Another casualty of war in the Arab world: Education


ZAWIA, Libya — In Kurdistan, the schools are full of refugees. In Gaza, many have been reduced to rubble. In Libya and Yemen, teachers and students can’t get to class because of fighting.

In the Iraqi city of Mosul, Islamic State militants have decreed that the school bell should ring to draw students, but few are going to classes.

As school starts across the Arab world this month, hundreds of thousands of students from across the Middle East and North Africa won’t be going. Conflict, turmoil and even destruction have put these children at great risk.

“It’s a huge challenge for the international community, having this huge number of children with no access to education,” said Adrienne Fricke, a human rights consultant specializing on Africa and the Middle East.

The situation is particularly dire in Iraq. There are 1.8 million Iraqis displaced inside and outside of the country since the Islamic State’s advance in June, and thousands have taken shelter in schools in Iraq’s Kurdistan region and elsewhere.

“There are more than a million displaced people inside and outside Nineveh (in Iraq), and they don’t care about their children’s studies now due to their tough situation,” said Abu Mohammed, 27, who lives in Mosul. “Many schools are inhabited with displaced families now, and they can’t leave, simply because they have no other place to go to.”

Though the Islamic State has opened classrooms in Mosul — Iraq’s second-largest city — some parents are reluctant to send their children to school because of harsh new orders about education from the extremists. These include segregating students by gender, imposing strict dress codes and removing references to democracy and elections, as well as Darwin’s theory of evolution.

Most of all, parents worry about the Islamic State’s brutality and what that means for their children.

“I will not send my children to school — my daughter will never wear a jubbah and cover her face,” said Um Shams, 45, in Mosul, referring to the long robe-like dress. “I can’t send her — I don’t know what will happen to her there.”


In Gaza, 241,000 children returned to 252 schools run by the United Nations Relief and Works Agency (UNRWA) on Sept. 14 after the start of the school year was delayed by the 50-day conflict with Israel. The fighting left more than 2,100 Gazans dead — 500 of them children, according to the United Nations. Thousands more were injured.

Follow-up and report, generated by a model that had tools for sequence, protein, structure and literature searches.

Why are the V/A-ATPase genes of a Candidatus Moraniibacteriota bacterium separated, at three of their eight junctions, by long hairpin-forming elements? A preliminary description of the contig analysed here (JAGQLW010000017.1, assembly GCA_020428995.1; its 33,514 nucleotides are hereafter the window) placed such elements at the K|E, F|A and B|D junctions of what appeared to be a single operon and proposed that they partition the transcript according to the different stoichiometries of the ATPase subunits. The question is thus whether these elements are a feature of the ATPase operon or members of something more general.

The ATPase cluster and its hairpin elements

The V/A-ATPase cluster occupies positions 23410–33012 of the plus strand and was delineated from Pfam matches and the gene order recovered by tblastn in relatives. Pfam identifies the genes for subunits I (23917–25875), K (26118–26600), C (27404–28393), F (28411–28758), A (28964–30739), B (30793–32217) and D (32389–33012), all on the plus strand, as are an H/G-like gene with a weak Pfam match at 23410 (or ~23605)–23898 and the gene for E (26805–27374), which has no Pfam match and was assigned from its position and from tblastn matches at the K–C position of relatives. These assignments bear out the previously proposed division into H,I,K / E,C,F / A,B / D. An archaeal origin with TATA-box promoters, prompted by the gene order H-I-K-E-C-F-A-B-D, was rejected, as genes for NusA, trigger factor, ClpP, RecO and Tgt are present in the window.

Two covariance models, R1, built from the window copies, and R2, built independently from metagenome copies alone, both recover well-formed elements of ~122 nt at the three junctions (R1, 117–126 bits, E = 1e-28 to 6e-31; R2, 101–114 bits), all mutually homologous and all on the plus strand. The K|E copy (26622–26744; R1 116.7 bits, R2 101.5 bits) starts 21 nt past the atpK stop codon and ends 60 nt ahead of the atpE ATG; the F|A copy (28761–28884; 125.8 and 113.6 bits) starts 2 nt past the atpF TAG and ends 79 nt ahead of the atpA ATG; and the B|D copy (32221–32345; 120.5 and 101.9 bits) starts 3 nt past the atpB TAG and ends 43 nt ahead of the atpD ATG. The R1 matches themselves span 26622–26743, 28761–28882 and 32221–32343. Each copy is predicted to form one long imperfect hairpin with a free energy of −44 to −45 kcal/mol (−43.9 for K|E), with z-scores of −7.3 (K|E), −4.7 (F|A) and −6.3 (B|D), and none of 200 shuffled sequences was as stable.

More than 81 UNRWA schools were damaged during the conflict, and at least 90 served as shelters for up to 290,000 displaced people. Some of the schools house thousands of homeless Gazans.

Before the conflict, many schools ran double shifts to accommodate the number of students. The Education Ministry suggested starting a third shift this year to accommodate the students, but electricity is intermittent, so expansion is unlikely.

UNRWA has said the area needs about 200 new schools for the increasing number of students. Construction materials are limited because of Israel and Egypt’s seven-year blockade of the coastal territory. Israel contends that much of the material was being used to construct illegal tunnels into Israeli territory.

“My son and two daughters are very good at school — they earned high marks,” said Raed Quider, 40, a psychologist and father of five who is waiting for a spot to open for his kids. Their schools are occupied by displaced people.

Quider said many children, including his, need psychological help after experiencing the trauma of war.

“We anticipate that at least 1,000 students who attend our schools suffer now from different kinds of permanent disabilities, and this will require special arrangements,” UNRWA spokesman Adnan Abu Hasna said.